An ounce of prevention is far better than a pound of cure. If the root causes of insurgency is social injustice and poverty, is it wrong for the Armed Forces of the Philippines to exert all its efforts and available resources to counter these causes and in the process save the lives of its soldiers and would-be NPA rebels? Is it too much for the Filipino people to see men and women in military uniform prowling the streets of the metropolis conducting civic actions to prevent future armed conflicts?
There is an alternative in fighting this insurgency that had been long waging in our country and taken so many lives, is it too much for the AFP to use that alternative?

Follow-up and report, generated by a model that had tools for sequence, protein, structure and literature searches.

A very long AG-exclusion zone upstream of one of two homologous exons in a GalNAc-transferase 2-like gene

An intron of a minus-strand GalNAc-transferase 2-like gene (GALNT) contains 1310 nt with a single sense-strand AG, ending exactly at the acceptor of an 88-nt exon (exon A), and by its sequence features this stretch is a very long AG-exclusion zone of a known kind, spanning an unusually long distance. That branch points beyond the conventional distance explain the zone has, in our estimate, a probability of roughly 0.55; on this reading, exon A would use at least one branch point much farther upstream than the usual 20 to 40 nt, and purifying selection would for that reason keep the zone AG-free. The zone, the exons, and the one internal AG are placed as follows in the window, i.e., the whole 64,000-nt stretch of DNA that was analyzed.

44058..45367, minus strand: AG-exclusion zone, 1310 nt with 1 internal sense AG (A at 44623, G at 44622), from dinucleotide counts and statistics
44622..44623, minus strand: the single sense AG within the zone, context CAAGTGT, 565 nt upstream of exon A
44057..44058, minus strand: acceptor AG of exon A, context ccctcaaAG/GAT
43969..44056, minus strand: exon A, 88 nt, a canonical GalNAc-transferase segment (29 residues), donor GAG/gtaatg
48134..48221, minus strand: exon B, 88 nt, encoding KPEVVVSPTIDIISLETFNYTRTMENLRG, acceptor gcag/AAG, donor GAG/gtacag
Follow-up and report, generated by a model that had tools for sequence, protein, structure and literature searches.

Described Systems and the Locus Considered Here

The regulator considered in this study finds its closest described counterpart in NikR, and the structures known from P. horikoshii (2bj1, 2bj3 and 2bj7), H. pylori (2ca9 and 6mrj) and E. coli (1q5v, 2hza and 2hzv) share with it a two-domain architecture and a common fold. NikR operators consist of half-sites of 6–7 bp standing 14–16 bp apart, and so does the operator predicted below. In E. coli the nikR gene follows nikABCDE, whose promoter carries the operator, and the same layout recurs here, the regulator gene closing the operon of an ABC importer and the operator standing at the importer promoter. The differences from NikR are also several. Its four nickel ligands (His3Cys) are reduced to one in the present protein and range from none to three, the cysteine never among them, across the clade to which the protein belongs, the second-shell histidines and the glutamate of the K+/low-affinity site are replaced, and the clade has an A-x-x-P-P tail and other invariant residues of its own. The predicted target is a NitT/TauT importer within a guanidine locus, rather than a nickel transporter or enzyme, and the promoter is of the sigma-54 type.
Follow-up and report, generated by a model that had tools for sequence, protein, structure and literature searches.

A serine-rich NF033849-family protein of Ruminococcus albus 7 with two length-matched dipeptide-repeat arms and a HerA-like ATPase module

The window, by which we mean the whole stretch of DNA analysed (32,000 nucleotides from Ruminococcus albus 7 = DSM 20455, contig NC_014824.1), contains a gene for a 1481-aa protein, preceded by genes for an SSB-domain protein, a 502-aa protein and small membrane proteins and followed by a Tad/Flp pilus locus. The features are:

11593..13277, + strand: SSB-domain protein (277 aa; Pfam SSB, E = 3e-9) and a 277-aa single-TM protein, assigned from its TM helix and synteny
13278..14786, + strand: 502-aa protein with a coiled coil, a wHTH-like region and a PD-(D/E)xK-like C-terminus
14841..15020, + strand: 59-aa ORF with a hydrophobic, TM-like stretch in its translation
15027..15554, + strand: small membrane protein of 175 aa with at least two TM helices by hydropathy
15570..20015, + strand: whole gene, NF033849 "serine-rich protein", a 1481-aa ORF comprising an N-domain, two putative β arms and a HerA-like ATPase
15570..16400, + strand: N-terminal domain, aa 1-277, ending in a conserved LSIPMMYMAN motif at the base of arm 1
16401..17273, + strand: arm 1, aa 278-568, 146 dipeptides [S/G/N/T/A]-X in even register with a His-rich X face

By Rene Q. Bas
Full Article at The Manila Times
The AFP’s deployment of troops in some communities in Metro Manila—or in the military’s own vocabulary the NCRCOM (the National Capital Region Command)—is being assailed from all sides.
The attacks focus on the alleged constitutional transgressions committed by some soldiers on the citizens, especially those who are “militants.”
The presence of these soldiers has created “garrison Metro Manila” as in the Japanese Occupation during World War II, some have claimed, including this paper.
A informal survey made by this writer has yielded, however, this fact: very few Metro Manilans, whether the car-borne or the jeepney and bus commuting members of the population, have gone through an AFP checkpoint to make them feel they have been garrisoned. Those who angrily volunteer their experience of going through a checkpoint were invariably wrong: they went through a PNP checkpoint or a special SWAT team because there was some trouble in the area.